What is Conflict Freedom, Anyway? An Excerpt from Optimal Outcomes
Posted February 25, 2020 Change,Conflict Mastery,Emotional Intelligence,Leadership by Jennifer Goldman-Wetzler, Ph.D.
After a decade of teaching and using the Optimal Outcomes practices in Columbia classrooms and client boardrooms, today, I am thrilled to announce that my new book, Optimal Outcomes: Free Yourself from Conflict at Work, at Home, and in Life, is officially available—for everyone!
I’m also delighted that the book has already been selected as a Financial Times Book of the Month and that translations are already underway in China and Korea with more to come.
I wrote Optimal Outcomes after I saw too many people struggle, and fail, to successfully use “win-win” conflict resolution techniques. It’s not that those methods don’t work; it’s just that they don’t work all the time, or in every situation.
When situations resist resolution, the Optimal Outcomes practices teach us conflict freedom.
Below is a brief excerpt from my book that will, hopefully, offer you some inspiration and a sense of the results that the method I’ve developed can help you achieve at work, at home, and in life.
With all this talk about freeing yourself from conflict, I need to be clear about something: The goal of this book is not to help you rid yourself of all conflict. Instead, when your repeated attempts to resolve conflict fail, the practices in this book will help you notice and free yourself from the habitual ways of thinking, feeling, and acting that have held you captive in the past. This will help you free yourself from the conflict loop in any given situation.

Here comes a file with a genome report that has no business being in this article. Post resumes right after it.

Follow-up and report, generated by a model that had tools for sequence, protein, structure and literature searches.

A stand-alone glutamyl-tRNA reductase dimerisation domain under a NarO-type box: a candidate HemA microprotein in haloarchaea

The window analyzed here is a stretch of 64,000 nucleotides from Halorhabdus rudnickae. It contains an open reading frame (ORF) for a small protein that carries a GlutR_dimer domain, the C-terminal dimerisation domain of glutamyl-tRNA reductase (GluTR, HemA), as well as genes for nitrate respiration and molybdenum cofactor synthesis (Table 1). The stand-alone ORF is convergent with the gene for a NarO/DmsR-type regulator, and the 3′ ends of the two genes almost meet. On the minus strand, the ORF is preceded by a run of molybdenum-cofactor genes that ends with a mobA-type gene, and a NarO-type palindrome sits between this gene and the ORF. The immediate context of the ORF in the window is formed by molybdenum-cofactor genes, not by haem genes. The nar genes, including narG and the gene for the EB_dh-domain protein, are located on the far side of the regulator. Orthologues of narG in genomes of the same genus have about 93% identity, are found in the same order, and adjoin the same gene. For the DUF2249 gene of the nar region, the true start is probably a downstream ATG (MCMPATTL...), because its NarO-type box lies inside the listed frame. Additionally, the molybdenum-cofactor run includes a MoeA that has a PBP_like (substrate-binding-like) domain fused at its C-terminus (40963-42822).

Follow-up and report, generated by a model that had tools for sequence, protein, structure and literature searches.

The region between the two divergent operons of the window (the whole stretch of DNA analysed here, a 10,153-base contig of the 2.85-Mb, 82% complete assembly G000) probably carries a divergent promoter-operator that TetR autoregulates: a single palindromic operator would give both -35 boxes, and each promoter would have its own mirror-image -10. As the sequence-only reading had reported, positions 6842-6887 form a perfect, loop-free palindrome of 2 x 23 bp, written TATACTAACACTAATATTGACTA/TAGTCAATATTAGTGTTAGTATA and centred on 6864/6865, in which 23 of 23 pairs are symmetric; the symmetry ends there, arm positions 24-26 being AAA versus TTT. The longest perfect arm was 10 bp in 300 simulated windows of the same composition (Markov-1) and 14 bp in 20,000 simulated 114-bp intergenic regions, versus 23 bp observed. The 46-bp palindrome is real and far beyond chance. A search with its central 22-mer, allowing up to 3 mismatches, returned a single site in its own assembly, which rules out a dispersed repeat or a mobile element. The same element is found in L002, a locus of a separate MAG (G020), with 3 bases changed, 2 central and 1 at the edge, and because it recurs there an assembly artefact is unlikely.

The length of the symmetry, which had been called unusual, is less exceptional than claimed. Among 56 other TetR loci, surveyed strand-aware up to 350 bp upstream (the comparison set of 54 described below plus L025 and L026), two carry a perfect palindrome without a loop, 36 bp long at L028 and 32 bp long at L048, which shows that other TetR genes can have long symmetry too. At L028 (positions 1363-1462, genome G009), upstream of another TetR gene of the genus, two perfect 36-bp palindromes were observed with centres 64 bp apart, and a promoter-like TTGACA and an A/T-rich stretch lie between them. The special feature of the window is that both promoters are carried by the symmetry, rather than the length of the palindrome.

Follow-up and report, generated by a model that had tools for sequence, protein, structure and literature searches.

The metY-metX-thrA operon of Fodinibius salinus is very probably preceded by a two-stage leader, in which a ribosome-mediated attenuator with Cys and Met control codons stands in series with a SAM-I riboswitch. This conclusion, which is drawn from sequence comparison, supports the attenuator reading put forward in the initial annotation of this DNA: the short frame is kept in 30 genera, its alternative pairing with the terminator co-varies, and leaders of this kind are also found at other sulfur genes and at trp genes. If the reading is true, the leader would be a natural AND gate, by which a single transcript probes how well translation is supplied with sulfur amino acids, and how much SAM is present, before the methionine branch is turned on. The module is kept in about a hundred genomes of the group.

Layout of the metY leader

The beauty of having conflict freedom as your goal is that you already have the ability to become free within yourself. You don’t need to wait for anyone else to change or to agree with you. You can free yourself even without anyone else’s cooperation.
Similarly, though help from skilled people can be useful if you have access to it, in most cases, you don’t need a coach, talent management professional, or mediator in order to become free. You can achieve an Optimal Outcome on your own. The practices in this book will show you how.
When you break free from a conflict loop that’s had a hold on you, there’s a moment when you’ll suddenly feel free—physically lighter, exhaling a huge sigh of relief, and free from the sense of powerlessness that kept you stuck before.
When I’ve experienced that magical moment myself, I’ve felt the release of physical tension in my body—the sudden lightness in my step, the unclenching of my jaw. I’ve witnessed these changes with my students and clients as well. Their shoulders broaden and relax; their mouths turn from frowning to smiling; their scrunched-up brows become smooth. There’s a physical and emotional freedom that accompanies conflict freedom.
I know this is possible for you, too.
Adapted and reprinted with permission from Optimal Outcomes: Free Yourself from Conflict at Work, at Home, and in Life by Jennifer Goldman-Wetzler, Ph.D., copyright ©2020. Published by Harper Business Books, an imprint of HarperCollins Publishers LLC.